Certification Strategy

Start a conversation in a group of IT pros about certification and you'll likely find two responses dominate: Either certification is worthless and allows inexperience to masquerade as mastery, or you can't be successful without having a specific set of letters after your name no matter how much experience or skill you have. But if you treat certification as an all-or-nothing factor in your career, you'll shortchange yourself. Although certification alone can't guarantee career or even job-search success, you can realize substantial career gains if you regard certification as one potentially powerful tool among the many in your career-strategy toolkit.

Sending the Right Message
What kind of leverage does certification wield? To gain insight into how one employer weighs certification, I talked with Joe Kinsella, director of development for SilverBack Technologies, a provider of integrated IT- and security-monitoring software. Joe has primary responsibility for hiring and evaluating the members of SilverBack's development team. I asked him whether he requires certification in job candidates. "It's never a requirement," he said, "but it's definitely desirable." In his view, experience can replace certification, but certification can demonstrate experience. "When a candidate is certified, I know I don't need to spend as much time validating his or her experience in the interview process. Also, having earned a certification demonstrates that the person has a certain amount of initiative and drive."

I then asked whether vendor-neutral certifications, such as those from the Computing Technology Industry Association (CompTIA), carry more weight than vendor-sponsored certs, such as those from Microsoft. "Certifications really are better for employers and job candidates than they are for vendors," Joe responded, referring to the belief among some IT pros that certification exists to generate profits for vendors in the form of training, testing, and certification-maintenance fees. I immediately thought about Microsoft and the often-suspect MCSE. As if reading my mind, Joe went on, "I know that a lot of people question Microsoft's certifications. But we recently needed to hire a quality assurance engineer for a team that's working with a Microsoft product. To complement the other team members' expertise, we actively looked to hire a Microsoft Certified Professional (MCP). Seeing the certification I was looking for gave me additional confidence that the successful candidate had the skills and knowledge the team needed." According to Joe, the benefits certification provides IT pros and employers through developing, measuring, and maintaining industry-recognized skills and professional standards outweigh any monetary gains a certification vendor might realize.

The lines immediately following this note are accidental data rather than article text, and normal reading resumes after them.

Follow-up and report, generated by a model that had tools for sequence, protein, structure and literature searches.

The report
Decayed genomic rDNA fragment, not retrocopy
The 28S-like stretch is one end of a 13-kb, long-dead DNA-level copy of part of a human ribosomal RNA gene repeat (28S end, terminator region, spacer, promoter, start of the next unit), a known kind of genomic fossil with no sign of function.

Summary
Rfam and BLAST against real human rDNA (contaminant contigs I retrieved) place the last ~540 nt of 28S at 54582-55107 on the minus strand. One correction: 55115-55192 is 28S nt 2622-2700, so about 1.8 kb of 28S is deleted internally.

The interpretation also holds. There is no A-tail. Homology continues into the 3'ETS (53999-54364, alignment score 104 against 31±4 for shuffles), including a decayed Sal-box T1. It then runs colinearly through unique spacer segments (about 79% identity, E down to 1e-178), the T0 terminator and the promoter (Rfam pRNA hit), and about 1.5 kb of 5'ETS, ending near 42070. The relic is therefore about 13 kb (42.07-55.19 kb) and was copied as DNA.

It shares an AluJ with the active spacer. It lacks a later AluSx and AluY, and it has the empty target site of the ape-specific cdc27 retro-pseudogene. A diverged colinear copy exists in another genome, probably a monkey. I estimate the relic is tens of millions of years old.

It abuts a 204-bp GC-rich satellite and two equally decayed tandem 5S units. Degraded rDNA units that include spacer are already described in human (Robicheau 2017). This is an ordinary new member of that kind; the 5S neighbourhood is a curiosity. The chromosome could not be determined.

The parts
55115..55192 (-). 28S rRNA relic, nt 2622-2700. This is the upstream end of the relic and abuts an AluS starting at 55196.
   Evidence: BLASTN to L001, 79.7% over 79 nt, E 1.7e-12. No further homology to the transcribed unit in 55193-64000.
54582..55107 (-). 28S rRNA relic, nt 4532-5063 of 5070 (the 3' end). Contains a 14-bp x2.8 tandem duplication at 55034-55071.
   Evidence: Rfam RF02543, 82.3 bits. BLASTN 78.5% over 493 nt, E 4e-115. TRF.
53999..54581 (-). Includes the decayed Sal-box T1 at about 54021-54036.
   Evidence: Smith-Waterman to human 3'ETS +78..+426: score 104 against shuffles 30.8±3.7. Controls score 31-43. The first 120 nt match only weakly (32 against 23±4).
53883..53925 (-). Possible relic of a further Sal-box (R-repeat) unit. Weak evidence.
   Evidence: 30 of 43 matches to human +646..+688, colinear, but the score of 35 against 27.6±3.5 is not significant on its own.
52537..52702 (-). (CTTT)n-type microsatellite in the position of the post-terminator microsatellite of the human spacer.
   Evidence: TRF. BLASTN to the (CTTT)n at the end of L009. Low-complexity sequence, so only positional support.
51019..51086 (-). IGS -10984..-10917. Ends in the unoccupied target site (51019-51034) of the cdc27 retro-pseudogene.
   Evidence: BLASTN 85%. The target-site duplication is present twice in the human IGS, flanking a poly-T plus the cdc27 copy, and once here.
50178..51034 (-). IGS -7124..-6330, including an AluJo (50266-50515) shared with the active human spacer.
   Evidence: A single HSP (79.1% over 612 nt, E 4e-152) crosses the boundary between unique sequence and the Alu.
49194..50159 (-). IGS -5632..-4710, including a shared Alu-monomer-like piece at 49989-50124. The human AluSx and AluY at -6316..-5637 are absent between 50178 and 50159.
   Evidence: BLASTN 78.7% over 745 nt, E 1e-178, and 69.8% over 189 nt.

Value and Critical Mass
Joe did say that not every certification equally demonstrates skill and knowledge. An obscure, little-known certification might actually work against you. According to Joe, "If a prospective employer looks at your resume and sees a certification acronym that makes him or her wonder, 'What the heck is this?' that certification isn't doing you any favors."

Security expert Randy Franklin Smith echoes this caveat in his article "Evaluating Security Certifications" (Security Administrator, January 2005, InstantDoc ID 44650). Regarding information security certification, Randy writes, "Keep in mind also that any company or organization can create a certification, but not every company or organization commands a high level of respect and authority in the information security field. Not much exists to stop a company from jumping on the certification bandwagon and creating a certification designed for no other reason than to reward the information security professionals who pass several of the company's courses."

However, both Joe and Randy agree that the major certifications from well-known, reputable companies and organizations are evidence of a solid skill set. In Joe's experience, "The Microsoft certification coursework stands up as testing real knowledge." And from the information security perspective, Randy believes that "In IT, the devil is in the details. Therefore, a vendor security certification such as MCSE: Security or Certified Information Systems Security Professional (CISSP) can show that you thoroughly understand the security aspects of a given product."

According to Joe, the difference between holding an obscure certification and one that's widely recognized is one of "critical mass. "When a large group of people hold a particular certification from a recognized organization, a critical mass develops in that certification and creates value."

Put It Together
If you want to be certified and aren't sure where to start, what should you do? Joe recommends choosing a certification according to a technology you want to work with or are already working with. If you want to get into a certain technology, earn one of that technology's entry-level certifications to give you a base of skill and experience from which to grow. If you're already working in that technology, earn a higher-level certification to both solidify and expand on the experience you've already gained. If you're just starting out as an IT professional, Joe suggests choosing a certification according to the area you want to specialize in.

In my next column, I'll delve deeper into certification from a certification holder's point of view and let you know how some IT pros use certification to their advantage. And I'll respond to a reader letter about the dilemma of needing experience for certain certifications but not being able to gain the experience without the certification.

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